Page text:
Publish date:


The intimidation starts with his name. "I've been The Grock ever since I can remember," says Bob Grock, a senior defensive end for Plymouth (N.H.) State College who last season led the Panthers in sacks with 10. "People just figured Grock was my name, so I legally changed it. My real name is Bob Grocki."

The Grock's size and strength are also intimidating. At 6'2", 250 pounds, he has a 52-inch chest, 35-inch waist, 21-inch neck and 20-inch biceps. He bench-presses 425 pounds, dead-lifts 610 and squats 540. Finally, there are those five tattoos. His left arm features a cross with the words MOM and LAURA (his 8-year-old sister) inscribed on it as well as two skulls, one of which is being smashed by a bloody fist with the word KILL across the knuckles. Adorning his right arm are a Plymouth State College panther and a U.S. Marine Corps bulldog. The Grock, who's 22, spent two years in the Marines as an artilleryman.

To put it simply, you don't want to mess with The Grock—or with Plymouth State. The Panthers have won 19 consecutive games, more than any school in the nation at any level. Last season they outscored their opposition by a margin of 414-48 and put together six straight shutouts. Heading the offense is All-America Joe Dudek, who rushed for 1,094 yards in 1982. On defense, four of the five linemen who helped accumulate 51 sacks return.

St. Lawrence is led by All-America Fullback Keith Henry, who gained 1,174 yards for the upstate New York school. Lelan Rogers, who's an All-America wrestler at 158 pounds and a star attack man on the Saints lacrosse team, once again will handle the heavy work. He scored 14 touchdowns last year, most of them from inside the five-yard line.

At Hope College in Holland, Mich., Greg Heeres plays two sports, football and baseball, and is All-Conference in both. Last year Heeres, who's a southpaw, was the second-ranked passer in Division III. As a pitcher for the Flying Dutchmen he had a 6-3 record and a 3.10 ERA. Besides Heeres, Hope, which won its final eight games of 1982, retains 15 first-stringers.

Winner of 22 regular-season games in a row over the last three years, Augustana of Illinois has a fine trio of offensive performers in Tackle Kurt Kapischke, Center Greg King and Split End Norm Singbush. Linebacker Pete Kasap was named the Outstanding Defensive Player in last year's Stagg Bowl, the Division III title game.

For the last two seasons, Widener of Chester, Pa. has been tough to push around. However, seven first-string defenders have departed, which means that Coach Bill Manlove will have to depend on his offense. Halfback Jerry Irving, who gained 1,137 yards in 1981 but sat out last year, returns, as does Fullback Mike Forward, who led the Middle Atlantic Conference in scoring (78 points) in '82.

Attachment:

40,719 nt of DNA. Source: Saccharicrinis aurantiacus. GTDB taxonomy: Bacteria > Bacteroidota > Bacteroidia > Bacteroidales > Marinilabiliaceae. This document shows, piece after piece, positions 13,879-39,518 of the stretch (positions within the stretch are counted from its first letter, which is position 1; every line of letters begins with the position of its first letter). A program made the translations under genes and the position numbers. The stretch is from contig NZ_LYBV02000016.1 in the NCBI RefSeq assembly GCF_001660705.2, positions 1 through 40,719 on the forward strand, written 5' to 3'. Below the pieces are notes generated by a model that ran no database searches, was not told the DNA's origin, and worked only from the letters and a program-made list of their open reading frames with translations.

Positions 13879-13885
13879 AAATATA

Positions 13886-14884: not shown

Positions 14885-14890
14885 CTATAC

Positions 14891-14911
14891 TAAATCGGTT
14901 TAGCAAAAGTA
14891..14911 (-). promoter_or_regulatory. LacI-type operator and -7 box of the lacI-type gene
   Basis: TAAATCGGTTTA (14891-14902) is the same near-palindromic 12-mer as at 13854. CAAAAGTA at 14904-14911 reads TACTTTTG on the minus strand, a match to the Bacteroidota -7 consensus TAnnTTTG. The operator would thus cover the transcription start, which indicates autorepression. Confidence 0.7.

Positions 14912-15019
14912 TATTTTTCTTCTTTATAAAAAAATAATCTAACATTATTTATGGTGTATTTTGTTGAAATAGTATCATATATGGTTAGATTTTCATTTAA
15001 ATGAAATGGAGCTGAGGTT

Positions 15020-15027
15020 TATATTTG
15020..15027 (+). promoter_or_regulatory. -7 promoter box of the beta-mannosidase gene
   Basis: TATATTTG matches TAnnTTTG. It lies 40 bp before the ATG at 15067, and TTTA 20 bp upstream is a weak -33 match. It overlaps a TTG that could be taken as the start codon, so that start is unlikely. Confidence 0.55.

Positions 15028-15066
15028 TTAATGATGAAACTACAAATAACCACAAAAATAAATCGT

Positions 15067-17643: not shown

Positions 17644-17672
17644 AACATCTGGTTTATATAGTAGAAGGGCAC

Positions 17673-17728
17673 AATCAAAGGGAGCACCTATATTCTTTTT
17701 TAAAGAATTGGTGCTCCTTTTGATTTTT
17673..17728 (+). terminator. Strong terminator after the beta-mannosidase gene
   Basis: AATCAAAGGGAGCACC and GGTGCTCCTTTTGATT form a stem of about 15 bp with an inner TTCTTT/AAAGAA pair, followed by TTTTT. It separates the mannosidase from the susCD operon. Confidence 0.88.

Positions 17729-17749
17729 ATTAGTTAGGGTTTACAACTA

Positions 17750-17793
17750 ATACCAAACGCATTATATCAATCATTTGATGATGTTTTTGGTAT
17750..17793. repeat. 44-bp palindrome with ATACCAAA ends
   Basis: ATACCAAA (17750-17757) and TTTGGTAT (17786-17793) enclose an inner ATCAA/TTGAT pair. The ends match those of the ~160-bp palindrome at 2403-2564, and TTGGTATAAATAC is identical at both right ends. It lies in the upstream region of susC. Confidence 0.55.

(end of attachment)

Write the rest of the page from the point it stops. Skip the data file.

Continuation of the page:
Get a load of these numbers at Lawrence: Tom Wick, All-Midwest Conference defensive tackle, government major, 3.2 GPA; Mark Babbitts, All-Conference defensive end, math, 3.2; John Marcquenski, defensive back, physics, 3.5; Beau Schaefer, wingback, biology, 3.1; and Brian Smigelski, defensive back, geology, 3.2. Last season Ron Roberts became the winningest football coach ever (112-45-1) at the small, highly competitive liberal arts school, situated in Appleton, Wis., an accomplishment that apparently concerned the faculty. In April it decided that, starting in 1984, varsity athletes will have to have completed 7½ credit hours in the three previous terms to be eligible to play. Clearly, the new requirement should not cause this football squad any problems.

Baldwin-Wallace loses virtually its entire defense, but don't underestimate the Yellow Jackets. Besides Quarterback Brian Moore and Wide Receiver Lance Currens, they retain Kicker Steve Varga, who was born in Vinkovici, Yugoslavia, spent several years in Stuttgart, Germany and emigrated to Cleveland when he was in eighth grade. In three years Varga, who was born with only two toes on his his left foot—his kicking foot—has made 21 of 35 field-goal attempts.

They learn early at DePauw in Indiana that football is a way of life. The Tigers carried 116 players on their roster last season, 56 of them freshmen. One of the best was Tim Weaver, who was the division's top punt returner in '82 with a 17.7-yard average. A wide receiver, he also caught 10 passes for 143 yards.

At Wagner on Staten Island, where 120 freshmen were expectecd to try out for this year's team, All-America Linebacker Sal D'Alessio returns to a defense that allowed just 110 points in the regular season last year. All-America Tackle Selwyn Davis will see that Quarterback Tim Kelley has plenty of time to throw to Split End John Von Ahnen.

Jobie Waldt, the senior quarterback at Frostburg State, threw for 2,408 yards and 16 touchdowns last season, setting 13 records at the Maryland school. He's back, as is Linebacker Happy Hall, who last year also played catcher for the Bobcats baseball team. Defensive End Kevin Walsh played center on the basketball team until midway through last season, when he decided to concentrate on football. He's called the Mad Stork √† la Ted Hendricks because, at 6'7", he's one of the tallest players in Division III, had 10 sacks last year—and is a veritable Grock for grit.



The Grock tattooed quarterbacks for losses 10 times last season.

TOP 10